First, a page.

Prosecuting homeless people for sleeping on the streets when there is no shelter available is a form of cruel and unusual punishment that violates the Constitution, a federal appeals court said earlier this month.
The case stems from two ordinances in Boise, Idaho, that make it a crime to sleep or camp in buildings, streets and other public places. Six homeless people who had been convicted under the laws sued the city in 2009, saying their constitutional rights had been violated.
After years of legal wrangling, a three-judge panel of the United States Court of Appeals for the Ninth Circuit said in a 32-page opinion on Tuesday that Boise’s ordinances “criminalize the simple act of sleeping outside on public property, whether bare or with a blanket or other basic bedding.” The panel added that “a municipality cannot criminalize such behavior consistently with the Eighth Amendment when no sleeping space is practically available in any shelter.”
In their summary of the opinion, the judges wrote, “As long as there is no option of sleeping indoors, the government cannot criminalize indigent, homeless people for sleeping outdoors, on public property, on the false premise they had a choice in the matter.”
Homelessness continues to be a national crisis, affecting millions of people each year, including a rising number of families. Homeless people, like all people, must engage in activities such as sleeping or sitting down in order to survive. Yet, in communities across the nation, these harmless, unavoidable behaviors are treated as criminal activity under laws that criminalize homelessness.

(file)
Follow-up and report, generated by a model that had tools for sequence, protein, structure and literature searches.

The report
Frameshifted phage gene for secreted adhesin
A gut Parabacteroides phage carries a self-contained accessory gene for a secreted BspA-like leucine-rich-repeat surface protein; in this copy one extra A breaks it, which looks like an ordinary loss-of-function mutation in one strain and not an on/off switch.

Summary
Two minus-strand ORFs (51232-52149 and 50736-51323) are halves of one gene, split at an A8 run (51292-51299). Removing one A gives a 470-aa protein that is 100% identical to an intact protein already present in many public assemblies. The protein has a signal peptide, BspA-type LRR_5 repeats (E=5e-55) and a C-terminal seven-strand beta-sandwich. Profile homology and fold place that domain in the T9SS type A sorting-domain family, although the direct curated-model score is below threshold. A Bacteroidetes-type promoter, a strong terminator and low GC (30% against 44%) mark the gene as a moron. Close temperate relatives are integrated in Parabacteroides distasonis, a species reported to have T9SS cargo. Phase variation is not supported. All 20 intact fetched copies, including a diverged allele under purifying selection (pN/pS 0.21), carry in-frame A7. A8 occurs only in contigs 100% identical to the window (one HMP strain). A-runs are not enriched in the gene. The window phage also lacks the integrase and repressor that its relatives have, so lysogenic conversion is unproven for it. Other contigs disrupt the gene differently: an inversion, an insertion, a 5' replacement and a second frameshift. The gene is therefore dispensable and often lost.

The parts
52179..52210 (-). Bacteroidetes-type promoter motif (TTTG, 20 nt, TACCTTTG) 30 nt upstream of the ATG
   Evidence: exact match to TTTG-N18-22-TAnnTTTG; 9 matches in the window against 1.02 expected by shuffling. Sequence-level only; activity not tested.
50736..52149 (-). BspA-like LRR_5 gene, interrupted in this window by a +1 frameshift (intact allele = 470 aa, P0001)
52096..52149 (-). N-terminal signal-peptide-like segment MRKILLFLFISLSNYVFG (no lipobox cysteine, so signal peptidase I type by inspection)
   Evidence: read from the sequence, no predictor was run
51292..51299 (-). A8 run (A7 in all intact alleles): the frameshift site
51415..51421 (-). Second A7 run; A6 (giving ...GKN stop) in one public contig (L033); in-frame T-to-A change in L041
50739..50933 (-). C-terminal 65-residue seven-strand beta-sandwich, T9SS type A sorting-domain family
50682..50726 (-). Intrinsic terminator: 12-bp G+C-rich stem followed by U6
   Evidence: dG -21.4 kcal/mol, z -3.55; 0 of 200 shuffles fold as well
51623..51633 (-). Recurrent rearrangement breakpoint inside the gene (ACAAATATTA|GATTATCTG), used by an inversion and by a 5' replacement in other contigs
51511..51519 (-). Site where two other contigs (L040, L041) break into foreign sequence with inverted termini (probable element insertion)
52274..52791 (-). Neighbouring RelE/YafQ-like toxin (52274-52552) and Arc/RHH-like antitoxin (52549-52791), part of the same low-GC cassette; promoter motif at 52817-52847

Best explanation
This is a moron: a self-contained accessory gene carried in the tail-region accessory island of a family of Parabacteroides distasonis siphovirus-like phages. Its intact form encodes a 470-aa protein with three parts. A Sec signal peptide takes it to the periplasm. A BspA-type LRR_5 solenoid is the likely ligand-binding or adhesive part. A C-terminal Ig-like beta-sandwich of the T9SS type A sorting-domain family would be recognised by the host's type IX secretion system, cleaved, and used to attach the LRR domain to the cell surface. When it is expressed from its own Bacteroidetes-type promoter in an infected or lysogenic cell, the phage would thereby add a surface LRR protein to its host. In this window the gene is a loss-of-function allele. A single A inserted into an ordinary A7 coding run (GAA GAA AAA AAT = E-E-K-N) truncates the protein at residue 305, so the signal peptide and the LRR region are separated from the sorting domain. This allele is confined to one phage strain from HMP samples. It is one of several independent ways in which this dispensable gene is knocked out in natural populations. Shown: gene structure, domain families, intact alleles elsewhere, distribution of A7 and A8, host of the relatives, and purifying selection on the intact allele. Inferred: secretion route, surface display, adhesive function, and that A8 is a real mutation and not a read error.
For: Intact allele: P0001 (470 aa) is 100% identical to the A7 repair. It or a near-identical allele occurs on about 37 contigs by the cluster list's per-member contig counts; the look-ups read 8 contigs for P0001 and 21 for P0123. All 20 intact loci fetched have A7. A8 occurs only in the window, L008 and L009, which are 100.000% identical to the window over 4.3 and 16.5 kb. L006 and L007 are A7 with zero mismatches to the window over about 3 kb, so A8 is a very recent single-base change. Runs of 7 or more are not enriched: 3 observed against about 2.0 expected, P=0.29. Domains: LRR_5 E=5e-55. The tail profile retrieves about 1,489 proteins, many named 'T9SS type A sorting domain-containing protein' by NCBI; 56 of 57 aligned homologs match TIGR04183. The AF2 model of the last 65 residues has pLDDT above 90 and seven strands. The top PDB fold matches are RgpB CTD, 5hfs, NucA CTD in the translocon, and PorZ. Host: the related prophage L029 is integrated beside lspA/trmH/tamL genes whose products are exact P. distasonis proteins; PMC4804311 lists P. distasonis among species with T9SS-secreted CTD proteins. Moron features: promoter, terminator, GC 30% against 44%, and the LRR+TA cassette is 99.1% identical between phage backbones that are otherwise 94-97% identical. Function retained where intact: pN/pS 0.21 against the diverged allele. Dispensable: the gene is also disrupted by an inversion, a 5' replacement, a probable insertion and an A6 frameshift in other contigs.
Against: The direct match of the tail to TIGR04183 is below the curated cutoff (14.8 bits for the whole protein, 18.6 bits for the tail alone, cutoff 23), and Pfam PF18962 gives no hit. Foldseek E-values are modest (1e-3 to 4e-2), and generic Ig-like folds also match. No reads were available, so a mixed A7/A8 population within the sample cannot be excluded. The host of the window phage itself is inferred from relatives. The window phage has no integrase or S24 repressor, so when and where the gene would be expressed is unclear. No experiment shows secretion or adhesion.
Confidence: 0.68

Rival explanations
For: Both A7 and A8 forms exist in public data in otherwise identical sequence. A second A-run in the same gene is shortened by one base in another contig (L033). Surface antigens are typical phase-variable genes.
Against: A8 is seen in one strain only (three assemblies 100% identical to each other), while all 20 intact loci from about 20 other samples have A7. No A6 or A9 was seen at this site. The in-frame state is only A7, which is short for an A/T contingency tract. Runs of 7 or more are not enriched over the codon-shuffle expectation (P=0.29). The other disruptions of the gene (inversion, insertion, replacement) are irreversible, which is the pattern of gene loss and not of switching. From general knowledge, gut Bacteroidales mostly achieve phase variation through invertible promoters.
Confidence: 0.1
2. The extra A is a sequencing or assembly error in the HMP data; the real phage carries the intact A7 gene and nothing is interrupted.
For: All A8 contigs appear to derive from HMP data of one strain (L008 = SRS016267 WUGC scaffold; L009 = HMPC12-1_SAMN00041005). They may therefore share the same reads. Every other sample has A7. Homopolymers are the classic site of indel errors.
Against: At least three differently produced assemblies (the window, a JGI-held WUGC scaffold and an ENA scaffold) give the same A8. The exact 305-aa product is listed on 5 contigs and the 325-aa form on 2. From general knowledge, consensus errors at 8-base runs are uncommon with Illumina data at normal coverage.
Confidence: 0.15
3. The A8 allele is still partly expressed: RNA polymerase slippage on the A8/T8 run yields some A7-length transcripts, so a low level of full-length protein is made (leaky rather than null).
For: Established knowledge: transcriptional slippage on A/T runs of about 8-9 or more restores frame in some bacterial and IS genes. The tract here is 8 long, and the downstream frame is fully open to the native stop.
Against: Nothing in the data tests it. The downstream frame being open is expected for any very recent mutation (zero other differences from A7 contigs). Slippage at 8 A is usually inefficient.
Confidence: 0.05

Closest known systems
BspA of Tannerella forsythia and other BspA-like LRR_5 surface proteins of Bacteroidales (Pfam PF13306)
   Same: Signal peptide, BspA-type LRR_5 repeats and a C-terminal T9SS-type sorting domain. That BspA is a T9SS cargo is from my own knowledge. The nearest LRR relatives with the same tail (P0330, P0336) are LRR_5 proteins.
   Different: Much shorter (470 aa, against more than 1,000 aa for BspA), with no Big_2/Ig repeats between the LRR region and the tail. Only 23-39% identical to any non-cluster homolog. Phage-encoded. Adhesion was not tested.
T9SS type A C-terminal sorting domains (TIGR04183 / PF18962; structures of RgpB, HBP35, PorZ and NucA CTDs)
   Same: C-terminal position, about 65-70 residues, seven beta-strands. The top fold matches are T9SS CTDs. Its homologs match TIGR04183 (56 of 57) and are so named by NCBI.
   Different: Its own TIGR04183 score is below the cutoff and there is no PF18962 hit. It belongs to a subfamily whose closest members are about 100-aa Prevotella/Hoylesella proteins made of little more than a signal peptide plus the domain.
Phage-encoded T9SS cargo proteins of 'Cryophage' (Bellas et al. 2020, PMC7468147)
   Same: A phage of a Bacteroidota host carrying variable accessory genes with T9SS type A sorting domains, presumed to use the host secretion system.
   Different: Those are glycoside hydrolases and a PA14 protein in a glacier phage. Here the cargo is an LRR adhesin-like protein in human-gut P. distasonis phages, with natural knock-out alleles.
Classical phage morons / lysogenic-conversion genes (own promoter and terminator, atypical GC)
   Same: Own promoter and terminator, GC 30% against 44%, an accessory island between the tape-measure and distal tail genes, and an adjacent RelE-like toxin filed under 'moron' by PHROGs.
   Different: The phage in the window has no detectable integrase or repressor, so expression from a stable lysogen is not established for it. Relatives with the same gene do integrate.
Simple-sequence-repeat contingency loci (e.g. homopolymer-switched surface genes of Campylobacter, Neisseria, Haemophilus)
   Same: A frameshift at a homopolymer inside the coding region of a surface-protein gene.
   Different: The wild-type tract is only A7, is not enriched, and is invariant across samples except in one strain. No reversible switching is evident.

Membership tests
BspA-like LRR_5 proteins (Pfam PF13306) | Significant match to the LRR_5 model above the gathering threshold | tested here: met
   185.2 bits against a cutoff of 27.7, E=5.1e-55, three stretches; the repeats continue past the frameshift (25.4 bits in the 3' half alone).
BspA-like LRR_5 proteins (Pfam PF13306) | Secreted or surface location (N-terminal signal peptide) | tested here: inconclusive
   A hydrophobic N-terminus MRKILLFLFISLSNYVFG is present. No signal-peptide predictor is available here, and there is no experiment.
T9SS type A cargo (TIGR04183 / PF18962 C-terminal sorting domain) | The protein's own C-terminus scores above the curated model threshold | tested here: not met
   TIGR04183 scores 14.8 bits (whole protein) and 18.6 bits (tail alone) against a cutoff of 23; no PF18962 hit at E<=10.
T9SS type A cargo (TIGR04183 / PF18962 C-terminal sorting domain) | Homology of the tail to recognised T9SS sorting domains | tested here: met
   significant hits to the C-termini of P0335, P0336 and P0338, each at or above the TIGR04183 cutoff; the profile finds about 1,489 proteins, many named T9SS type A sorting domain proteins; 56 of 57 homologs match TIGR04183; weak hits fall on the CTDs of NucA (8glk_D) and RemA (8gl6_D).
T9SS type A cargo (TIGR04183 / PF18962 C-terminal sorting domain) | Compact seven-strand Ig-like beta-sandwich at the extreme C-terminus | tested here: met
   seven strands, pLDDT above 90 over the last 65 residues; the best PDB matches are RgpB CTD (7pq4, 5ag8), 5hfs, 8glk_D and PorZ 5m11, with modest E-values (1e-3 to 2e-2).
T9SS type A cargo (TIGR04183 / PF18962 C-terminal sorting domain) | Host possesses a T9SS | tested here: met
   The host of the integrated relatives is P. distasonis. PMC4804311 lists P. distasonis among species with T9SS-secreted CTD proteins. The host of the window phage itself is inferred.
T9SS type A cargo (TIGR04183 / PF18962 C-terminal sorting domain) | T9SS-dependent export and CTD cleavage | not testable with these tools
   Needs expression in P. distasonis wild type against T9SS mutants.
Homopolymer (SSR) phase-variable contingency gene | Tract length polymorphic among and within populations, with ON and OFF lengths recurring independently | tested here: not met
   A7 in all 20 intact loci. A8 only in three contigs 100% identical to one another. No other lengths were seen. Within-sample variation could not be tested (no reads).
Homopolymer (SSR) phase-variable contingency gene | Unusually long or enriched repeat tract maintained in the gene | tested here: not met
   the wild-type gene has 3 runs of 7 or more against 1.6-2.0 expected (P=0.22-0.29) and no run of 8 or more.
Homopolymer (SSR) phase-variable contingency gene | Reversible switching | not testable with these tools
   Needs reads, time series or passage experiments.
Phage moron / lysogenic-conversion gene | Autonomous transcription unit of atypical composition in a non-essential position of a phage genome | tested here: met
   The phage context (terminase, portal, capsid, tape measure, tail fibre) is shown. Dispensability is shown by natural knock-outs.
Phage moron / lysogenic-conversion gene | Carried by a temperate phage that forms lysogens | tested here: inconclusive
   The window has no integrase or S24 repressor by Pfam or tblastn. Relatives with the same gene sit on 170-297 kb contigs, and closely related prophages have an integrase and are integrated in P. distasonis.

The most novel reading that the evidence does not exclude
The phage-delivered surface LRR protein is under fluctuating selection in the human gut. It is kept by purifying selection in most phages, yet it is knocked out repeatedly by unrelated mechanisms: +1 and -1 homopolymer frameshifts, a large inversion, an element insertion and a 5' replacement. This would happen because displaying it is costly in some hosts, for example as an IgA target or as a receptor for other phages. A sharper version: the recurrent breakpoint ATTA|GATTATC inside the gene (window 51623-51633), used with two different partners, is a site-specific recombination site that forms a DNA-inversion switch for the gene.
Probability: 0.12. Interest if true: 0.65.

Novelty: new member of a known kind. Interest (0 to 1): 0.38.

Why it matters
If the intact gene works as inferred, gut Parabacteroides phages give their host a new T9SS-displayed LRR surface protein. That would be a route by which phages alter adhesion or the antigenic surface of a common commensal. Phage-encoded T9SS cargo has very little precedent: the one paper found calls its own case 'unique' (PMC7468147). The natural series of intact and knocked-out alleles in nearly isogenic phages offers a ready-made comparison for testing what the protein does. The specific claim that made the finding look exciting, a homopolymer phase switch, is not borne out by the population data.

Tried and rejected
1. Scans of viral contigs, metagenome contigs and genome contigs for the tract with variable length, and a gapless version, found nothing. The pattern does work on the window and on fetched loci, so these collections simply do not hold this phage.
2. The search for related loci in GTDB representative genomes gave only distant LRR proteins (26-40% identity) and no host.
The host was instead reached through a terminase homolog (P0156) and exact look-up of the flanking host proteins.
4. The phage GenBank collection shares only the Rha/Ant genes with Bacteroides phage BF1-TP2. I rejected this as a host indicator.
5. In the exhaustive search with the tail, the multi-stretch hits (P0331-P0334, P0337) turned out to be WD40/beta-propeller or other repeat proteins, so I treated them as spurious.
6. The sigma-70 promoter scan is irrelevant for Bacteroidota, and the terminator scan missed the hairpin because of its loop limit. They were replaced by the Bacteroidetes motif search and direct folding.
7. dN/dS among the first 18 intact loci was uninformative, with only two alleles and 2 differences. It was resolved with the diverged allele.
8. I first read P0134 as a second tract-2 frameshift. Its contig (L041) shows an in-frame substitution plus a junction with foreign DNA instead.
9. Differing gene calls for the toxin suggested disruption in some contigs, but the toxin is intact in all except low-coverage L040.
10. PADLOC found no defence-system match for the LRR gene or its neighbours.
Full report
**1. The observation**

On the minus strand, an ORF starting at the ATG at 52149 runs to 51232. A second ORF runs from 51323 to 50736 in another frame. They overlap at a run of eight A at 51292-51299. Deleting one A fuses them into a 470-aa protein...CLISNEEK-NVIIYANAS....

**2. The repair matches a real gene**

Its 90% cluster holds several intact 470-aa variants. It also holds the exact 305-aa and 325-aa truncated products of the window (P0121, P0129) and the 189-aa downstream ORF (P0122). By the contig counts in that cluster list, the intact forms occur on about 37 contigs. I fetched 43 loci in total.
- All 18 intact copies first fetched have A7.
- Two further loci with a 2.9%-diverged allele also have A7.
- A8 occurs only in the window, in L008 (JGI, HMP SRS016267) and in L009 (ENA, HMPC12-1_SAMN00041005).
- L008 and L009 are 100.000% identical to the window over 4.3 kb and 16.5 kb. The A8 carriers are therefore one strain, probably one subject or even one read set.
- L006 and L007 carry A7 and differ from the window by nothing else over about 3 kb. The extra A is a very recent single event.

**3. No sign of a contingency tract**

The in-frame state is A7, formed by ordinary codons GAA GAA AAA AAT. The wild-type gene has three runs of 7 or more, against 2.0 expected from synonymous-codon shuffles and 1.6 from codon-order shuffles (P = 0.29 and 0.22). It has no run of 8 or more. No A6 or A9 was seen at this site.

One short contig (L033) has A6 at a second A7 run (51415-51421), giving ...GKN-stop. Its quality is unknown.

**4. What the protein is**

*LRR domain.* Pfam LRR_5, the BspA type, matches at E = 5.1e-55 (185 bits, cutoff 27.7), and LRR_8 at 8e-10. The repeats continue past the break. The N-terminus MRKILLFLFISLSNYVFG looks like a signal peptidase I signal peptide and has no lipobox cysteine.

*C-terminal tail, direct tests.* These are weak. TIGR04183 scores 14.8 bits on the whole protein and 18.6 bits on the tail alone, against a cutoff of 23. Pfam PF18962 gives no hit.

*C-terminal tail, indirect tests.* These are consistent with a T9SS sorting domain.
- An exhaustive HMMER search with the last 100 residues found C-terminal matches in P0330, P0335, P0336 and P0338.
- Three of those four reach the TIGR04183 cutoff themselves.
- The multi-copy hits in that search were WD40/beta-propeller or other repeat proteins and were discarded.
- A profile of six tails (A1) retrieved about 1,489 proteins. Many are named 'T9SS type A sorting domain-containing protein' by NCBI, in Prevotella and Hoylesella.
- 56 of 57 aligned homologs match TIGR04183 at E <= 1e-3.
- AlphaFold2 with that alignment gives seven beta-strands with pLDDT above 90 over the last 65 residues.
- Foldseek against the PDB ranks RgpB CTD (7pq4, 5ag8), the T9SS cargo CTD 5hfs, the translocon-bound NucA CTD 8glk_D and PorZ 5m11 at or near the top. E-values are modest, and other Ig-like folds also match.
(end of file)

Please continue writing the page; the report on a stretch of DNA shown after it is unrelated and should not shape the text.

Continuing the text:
According to the last published Oregon Housing and Community Services’ Point in Time report, in 2017 there were more than 14,000 people counted as people experiencing homelessness throughout the state. In Coos County, it was estimated that there were 397 people identified as homeless around the county, many of them children.
A lack of affordable housing is the leading cause of homelessness, and the problem is worsening. Rising rents, historically low vacancy rates, and the continued decline of federally subsidized housing have led to a 7.2 million unit shortage of affordable rental units available to our nation’s lowest income renters. This means that for every 100 extremely poor households in the country, only 31 will find affordable and available rental units.
There are fewer available shelter beds than homeless people in major cities across the nation. In some places, the gap between available space and human need is significant, leaving hundreds or, in some cases, thousands of people with no choice but to struggle for survival in outdoor, public places.
For the cities of Coos Bay and North Bend, there are no current ordinances that prohibit people from sleeping outside in public spaces. North Bend City Administrator Terence O’Connor said the majority of cities with such ordinances typically tend to be in larger communities. However, both cities have ordinances against sleeping in public parks.
We feel for those those who advocate the use of law enforcement as a means to curtail homelessness. Some residents feel helpless and fear for their safety. Many feel this decision ties the hands of police officers in protecting the public. However, many of these people have no homes, because they simply don't make enough money to pay for high rental costs. They are not criminals, they are poor. They have jobs, pay taxes and contribute to society. Some are mentally ill and have no access to adequate mental health care.
This is indeed a complex, distressing problem. We laud efforts by those who aspire bring more affordable housing and good paying jobs to the Bay Area. While we support the Ninth Circuit's decision, what's really needed is more discussion and action to humanely resolve homelessness.